Some SDLCs are more specific with more than four stages, but they all guide us through the same process. Following are the questions to ask in each stage:
- Why build this system?
- How to structure the project?
- What does the environment look right now?
- Are we covering what we need to do?
- How do we make it better?
- How much money do we need to make this happen?
- How to use UML?
- How will this system work?
- Build it/Test it
SDLC phases work with the help of each other. According to this methodology, the first step while developing a system is to plan. Planning includes technical, economic and organizational feasibilities. Then, the next step is to analyze. This includes an analysis of who, what, where, and when of the project. At the end of this step, you should have a system proposal. Next, to design how the system will work using UML and the last is to implement and build the product. The implementation also includes testing the product. While testing, if any issues occur, then you understand the issue and start over from planning. In real life, some of these phrases happen simultaneously and if there’s an issue, you don’t have to start over.
Advantages: (Existek Blog)
- Simple to use and understand
- Makes management easier
- Works best for small or midsize projects
- Helps with prioritization
Disadvantages: (Existek Blog)
- A product is complete only when the last step is complete
- Implementation is at the last so it does not find errors in the beginning
- A new requirement can create conflicts with the existing project
The Unified Process
The Unified Process is a 2-dimensional process that includes Phases and Workflows
Unified Modeling Language
Provides a common vocabulary of object-oriented terms and diagramming techniques rich enough to model any systems development project from analysis through implementation.
UML consists of 15 diagrams and 2 major groups
- Structure diagram
- Behavior diagram
The Unified Process maps out when and how to use the various UML techniques for object-oriented analysis and design.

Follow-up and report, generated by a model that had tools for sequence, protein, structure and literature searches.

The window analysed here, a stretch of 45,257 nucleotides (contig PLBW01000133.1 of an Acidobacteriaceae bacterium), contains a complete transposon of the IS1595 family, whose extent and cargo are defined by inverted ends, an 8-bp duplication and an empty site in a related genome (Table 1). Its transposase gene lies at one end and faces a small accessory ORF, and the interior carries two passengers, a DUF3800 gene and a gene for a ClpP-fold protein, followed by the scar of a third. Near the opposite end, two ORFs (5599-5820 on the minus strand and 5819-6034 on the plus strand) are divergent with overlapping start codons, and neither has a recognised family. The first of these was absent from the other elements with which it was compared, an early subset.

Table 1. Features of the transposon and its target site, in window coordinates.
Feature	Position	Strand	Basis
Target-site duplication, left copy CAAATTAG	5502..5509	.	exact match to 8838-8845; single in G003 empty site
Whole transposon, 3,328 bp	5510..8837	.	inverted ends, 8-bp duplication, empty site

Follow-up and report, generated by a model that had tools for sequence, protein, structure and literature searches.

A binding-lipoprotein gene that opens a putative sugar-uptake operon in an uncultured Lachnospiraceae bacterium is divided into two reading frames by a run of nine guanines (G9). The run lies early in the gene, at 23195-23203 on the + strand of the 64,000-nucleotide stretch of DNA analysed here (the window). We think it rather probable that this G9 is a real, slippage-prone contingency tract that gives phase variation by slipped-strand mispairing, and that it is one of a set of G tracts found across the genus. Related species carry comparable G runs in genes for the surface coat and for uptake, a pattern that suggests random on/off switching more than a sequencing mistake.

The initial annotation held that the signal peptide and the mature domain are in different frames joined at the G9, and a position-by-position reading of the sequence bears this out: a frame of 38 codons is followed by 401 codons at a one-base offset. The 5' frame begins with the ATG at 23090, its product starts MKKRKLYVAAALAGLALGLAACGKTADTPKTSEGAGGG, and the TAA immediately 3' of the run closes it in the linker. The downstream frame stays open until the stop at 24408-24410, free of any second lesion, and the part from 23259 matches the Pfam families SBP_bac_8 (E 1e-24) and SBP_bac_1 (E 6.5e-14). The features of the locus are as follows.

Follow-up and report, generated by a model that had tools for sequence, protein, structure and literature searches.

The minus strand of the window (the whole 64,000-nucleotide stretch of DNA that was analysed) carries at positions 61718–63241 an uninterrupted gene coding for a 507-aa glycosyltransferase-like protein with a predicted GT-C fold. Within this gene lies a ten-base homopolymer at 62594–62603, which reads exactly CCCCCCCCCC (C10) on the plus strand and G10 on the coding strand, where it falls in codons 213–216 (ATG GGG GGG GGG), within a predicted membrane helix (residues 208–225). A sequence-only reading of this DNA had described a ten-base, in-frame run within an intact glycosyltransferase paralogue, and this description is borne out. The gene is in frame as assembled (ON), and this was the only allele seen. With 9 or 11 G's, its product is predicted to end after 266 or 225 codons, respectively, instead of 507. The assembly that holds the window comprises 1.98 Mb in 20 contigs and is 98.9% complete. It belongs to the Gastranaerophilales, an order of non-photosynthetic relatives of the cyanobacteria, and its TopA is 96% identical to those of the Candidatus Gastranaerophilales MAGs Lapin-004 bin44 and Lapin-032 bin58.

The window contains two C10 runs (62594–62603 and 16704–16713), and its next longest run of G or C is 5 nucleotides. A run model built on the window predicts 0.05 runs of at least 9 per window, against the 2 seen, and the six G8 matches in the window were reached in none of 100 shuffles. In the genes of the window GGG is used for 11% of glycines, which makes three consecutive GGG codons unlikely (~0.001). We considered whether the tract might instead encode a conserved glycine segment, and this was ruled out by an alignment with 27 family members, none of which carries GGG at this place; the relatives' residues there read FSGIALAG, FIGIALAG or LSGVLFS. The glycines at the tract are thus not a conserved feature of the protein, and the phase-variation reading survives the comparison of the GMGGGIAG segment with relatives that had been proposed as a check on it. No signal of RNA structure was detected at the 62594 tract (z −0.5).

The ultimate goal of all these life cycles is to complete the project within the scope, time, and cost. The only difference is the way it works. For example, Waterfall keeps everything together. Unless the step is not done, you can not move to the next. It makes sure that you know what you are doing before starting the project. While Agile breaks down the project into small pieces. If you figure something out, then you can move on to the next step and think about the rest later.
The managers who manage that specific project are the primary resources of each methodology. It also includes the developer, business analyst, and other people who play a role in any of the steps in the methodology.
A project must have a start and an end date with a specific goal/purpose. These methodologies start from that. The first step is planning which starts with the timeline planning and the purpose recognition sub-steps. Similarly, with analysis, and design phase. After completing the design phase, according to these methodologies, you are ready to implement the project. If you fail, then start over. You have to complete the implementation phase in order to complete the project. These methodologies are a process that helps Project Managers to keep track of the project and their 3 main goals of cost, time, and scope.